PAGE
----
Mountain goat

A mountain goat stands atop a rock.

Federal agencies will begin moving mountain goats from the Olympic Mountains to the North Cascades in September.

From Sept. 10-21, mountain goats will be captured in areas near Hurricane Ridge in Olympic National Park and released in the North Cascades. Where exactly they will be released is unclear. As of press time Wednesday, the U.S. Forest Service had not responded to a request for that information.

The environmental impact statement, or EIS, for the mountain goat relocation project includes 12 possible release sites within the Mount Baker-Snoqualmie and Okanogan-Wenatchee National Forests, three of which are in Skagit County.

According to a news release from the National Park Service, mountain goat releases in September will only take place at sites that are not in designated wilderness areas. That leaves one local site, between Diablo and Winthrop, where goats could possibly be released.

Additional mountain goat releases are set for summer 2019, according to the news release.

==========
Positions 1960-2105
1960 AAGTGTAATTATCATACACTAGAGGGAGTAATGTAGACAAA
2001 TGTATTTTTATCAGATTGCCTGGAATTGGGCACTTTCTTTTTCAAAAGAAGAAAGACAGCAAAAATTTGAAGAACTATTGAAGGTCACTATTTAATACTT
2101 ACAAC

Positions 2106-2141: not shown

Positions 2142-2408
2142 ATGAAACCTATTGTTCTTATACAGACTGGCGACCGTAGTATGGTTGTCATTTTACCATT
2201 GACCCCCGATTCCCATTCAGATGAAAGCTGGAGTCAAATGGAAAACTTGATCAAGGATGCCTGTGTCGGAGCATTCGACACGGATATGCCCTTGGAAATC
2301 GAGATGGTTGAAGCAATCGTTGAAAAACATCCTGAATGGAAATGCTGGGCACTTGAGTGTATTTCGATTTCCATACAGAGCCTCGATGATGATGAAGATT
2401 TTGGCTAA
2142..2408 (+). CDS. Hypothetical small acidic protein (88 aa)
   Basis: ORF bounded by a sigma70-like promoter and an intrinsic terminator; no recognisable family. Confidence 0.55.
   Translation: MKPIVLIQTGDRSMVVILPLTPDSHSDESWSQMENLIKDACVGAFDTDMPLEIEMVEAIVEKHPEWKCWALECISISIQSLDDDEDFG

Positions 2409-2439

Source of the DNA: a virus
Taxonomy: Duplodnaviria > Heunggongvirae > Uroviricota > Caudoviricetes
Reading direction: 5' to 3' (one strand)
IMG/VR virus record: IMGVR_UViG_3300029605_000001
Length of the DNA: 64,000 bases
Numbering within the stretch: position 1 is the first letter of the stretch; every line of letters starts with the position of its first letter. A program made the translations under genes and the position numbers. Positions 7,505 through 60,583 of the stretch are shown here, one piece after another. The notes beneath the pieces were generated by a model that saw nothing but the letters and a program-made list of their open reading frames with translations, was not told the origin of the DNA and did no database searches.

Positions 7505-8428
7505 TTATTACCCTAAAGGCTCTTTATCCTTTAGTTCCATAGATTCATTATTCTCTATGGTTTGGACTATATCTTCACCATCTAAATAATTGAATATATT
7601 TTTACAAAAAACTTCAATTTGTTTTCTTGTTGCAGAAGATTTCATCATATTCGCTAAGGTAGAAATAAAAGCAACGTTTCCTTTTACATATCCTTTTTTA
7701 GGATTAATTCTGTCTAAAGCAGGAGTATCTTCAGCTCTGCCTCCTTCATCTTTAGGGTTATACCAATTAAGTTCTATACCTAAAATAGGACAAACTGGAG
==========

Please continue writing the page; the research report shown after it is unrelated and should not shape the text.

Federal agencies and the state Department of Fish & Wildlife are working together on the relocation project, which aims to remove mountain goats from the Olympics, where they are nonnative, and increase the number of mountain goats in the North Cascades where they are native.

Several trails in Olympic National Park will be closed as early as Sept. 5 for the relocation.

Lake Angeles, Heather Park and Switchback trails will be closed. Little River Trail and the Elwha to Hurricane Hill Trail will be open but will not be able to pass through the Hurricane Hill area.

Trails near the Hurricane Ridge Visitor Center are expected to remain open, but Hurricane Hill Road beyond the visitor center will be closed, along with Hurricane Hill Trail.

Klahhane Ridge will also be closed to allow for helicopters to move captured mountain goats out of the Olympics. Klahhane Ridge Trail will be closed intermittently.

More information is available at parkplanning.nps.gov/OLYMgoat.

— Reporter Kimberly Cauvel: 360-416-2199, kcauvel@skagitpublishing.com, Twitter: @Kimberly_SVH, Facebook.com/bykimberlycauvel

Load comments